Gaming PC

CPU-Z Update Shows Support for Non-X Ryzen 9 7900 and 7950

CPUID has released a new version of CPU-Z. version 2.02, Supports AMD’s newly announced Ryzen 7000 series processors including 7600X, 7700X, 7900X and 7950X.But according to Twitter @momomo_us, patch 2.02 includes additional Ryzen 7000 CPU support which is not mentioned in the immediate patch notes (on the CPU-Z website). These chips include two additional Zen 4 chips, the Ryzen 9 7950 and 7900 (no X branding).

AMD has announced the launch of its brand new Ryzen 7000 CPU lineup featuring four SKUs including the mid-range Ryzen 5 7600X 6-core with 4.7 GHz boost clock and the Ryzen 7 7700X 8-core with 4.5 GHz boost clock. It’s all about it. -His 5.6 GHz boost on the end Ryzen 9 7900X 12-core, and 5.7 GHz boost frequency on the flagship Ryzen 9 7950X 16-core.

The Ryzen 5 and 7 parts feature a TDP of 105W while the Ryzen 9 parts both feature a TDP of 170W as a baseline but can also be configured up to 230W. New CPU-Z patch notes suggest AMD is already working on more power-efficient Ryzen 9 processors for later releases. Of course, CPU-Z’s patch notes don’t confirm if the chip will ever be released. It just means the chip is somewhere in AMD’s labs.

The addition of non-X Ryzen 9 chips shouldn’t come as a surprise. AMD had previously done something similar with their Ryzen 5000 and Ryzen 3000 series chips and for OEMs he was making 65W 12-core chips. Of interest is the non-X 7950 addition. This is the first time AMD has brought his 16 cores to market without his X nomenclature.

Unfortunately, AMD’s Ryzen 3000 and Ryzen 5000 history will likely limit these chips to the OEM market. Still, nothing stops AMD from switching plans and making these chips for his DIY market, similar to what happened with the Radeon RX 6400 (but hopefully better) .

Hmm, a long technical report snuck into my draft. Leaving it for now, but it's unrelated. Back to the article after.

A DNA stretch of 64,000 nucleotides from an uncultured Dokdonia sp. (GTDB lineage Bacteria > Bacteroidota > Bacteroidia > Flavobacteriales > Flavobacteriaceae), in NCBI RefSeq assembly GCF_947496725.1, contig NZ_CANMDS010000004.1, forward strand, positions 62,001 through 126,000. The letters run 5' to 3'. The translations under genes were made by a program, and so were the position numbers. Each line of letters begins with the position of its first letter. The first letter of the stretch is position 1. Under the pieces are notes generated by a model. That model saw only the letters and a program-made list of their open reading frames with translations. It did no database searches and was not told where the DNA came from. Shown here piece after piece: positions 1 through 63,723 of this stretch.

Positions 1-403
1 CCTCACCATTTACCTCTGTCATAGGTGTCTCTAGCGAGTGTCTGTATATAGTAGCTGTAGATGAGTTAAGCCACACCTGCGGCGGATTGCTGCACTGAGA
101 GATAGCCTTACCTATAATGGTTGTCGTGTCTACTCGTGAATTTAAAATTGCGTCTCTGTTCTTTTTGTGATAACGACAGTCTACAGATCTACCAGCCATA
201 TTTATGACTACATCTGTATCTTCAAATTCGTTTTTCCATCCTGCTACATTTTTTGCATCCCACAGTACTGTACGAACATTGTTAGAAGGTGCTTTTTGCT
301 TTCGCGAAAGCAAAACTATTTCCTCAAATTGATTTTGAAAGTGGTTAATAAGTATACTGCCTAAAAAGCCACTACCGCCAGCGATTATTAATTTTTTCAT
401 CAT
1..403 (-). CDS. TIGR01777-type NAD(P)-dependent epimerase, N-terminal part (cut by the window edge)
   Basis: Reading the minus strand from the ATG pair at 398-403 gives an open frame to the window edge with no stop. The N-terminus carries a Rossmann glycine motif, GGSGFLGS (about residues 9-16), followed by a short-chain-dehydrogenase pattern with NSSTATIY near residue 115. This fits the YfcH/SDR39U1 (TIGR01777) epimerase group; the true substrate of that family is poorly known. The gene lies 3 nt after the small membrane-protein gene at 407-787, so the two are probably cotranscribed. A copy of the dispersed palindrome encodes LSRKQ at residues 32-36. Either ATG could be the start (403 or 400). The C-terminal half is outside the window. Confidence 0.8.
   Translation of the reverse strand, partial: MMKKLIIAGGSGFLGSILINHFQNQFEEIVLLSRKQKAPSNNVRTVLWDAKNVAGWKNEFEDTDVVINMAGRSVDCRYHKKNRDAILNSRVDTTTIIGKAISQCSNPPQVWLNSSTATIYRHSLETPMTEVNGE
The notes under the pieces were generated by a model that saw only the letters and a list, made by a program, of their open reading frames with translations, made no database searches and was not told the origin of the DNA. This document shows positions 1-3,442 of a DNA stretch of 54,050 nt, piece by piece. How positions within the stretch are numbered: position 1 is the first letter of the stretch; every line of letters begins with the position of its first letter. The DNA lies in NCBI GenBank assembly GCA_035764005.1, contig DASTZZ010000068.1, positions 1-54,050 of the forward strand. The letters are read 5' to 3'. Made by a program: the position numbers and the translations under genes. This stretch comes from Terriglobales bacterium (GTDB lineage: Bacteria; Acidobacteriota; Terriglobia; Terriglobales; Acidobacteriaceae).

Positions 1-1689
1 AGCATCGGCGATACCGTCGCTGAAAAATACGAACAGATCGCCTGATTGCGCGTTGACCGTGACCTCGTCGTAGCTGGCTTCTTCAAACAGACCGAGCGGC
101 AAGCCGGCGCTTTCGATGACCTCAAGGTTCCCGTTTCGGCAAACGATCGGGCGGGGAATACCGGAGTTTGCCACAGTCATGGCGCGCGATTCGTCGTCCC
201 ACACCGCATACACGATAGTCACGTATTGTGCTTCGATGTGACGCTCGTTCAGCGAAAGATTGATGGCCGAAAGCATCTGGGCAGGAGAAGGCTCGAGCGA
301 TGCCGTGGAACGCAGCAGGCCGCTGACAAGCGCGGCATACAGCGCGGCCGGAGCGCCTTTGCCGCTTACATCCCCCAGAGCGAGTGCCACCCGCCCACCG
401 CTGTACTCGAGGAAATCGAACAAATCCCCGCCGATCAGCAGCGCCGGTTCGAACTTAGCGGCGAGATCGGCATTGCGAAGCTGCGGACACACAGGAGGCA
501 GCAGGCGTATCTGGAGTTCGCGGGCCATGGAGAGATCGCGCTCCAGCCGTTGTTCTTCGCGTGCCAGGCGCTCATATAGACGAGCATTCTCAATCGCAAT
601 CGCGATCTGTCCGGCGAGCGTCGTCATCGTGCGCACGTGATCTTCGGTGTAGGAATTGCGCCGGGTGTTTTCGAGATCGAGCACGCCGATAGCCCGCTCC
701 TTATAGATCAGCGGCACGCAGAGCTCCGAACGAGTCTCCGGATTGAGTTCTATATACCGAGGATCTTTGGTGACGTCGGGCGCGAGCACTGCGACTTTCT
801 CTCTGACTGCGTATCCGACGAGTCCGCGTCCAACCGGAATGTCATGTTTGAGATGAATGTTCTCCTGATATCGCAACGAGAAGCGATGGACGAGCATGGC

With the Ryzen 7000 series featuring higher TDPs compared to Ryzen 5000, the CPU market has room for power-efficient 12- and 16-core Zen 4 processors for both OEM partners and the DIY PC market. . Following AMD’s new TDP pattern, a theoretical Ryzen 9 7900 or Ryzen 9 7950 could have a max TDP of 105W instead of 170-230W, with reduced base and boost clocks to compensate. This power reduction allows the chip to operate in much more constrained environments with much smaller form factor chassis and more compact CPU coolers.

This is especially useful for AM5, as cooler compatibility between AM4 and AM5 remains the same. As a result, we end up with a lot of his AM5 compatible coolers hitting the market that can’t cool his 170W TDP rating for Ryzen 9 parts.

AMD hasn’t confirmed these parts yet, so it’s all theoretical for now.Worst case scenario, AMD won’t launch these chips, or just limit them to OEM partners. However, it’s possible AMD could offer non-X Ryzen 9 parts to PC builders as well. Only time will tell if this turns out to be true.

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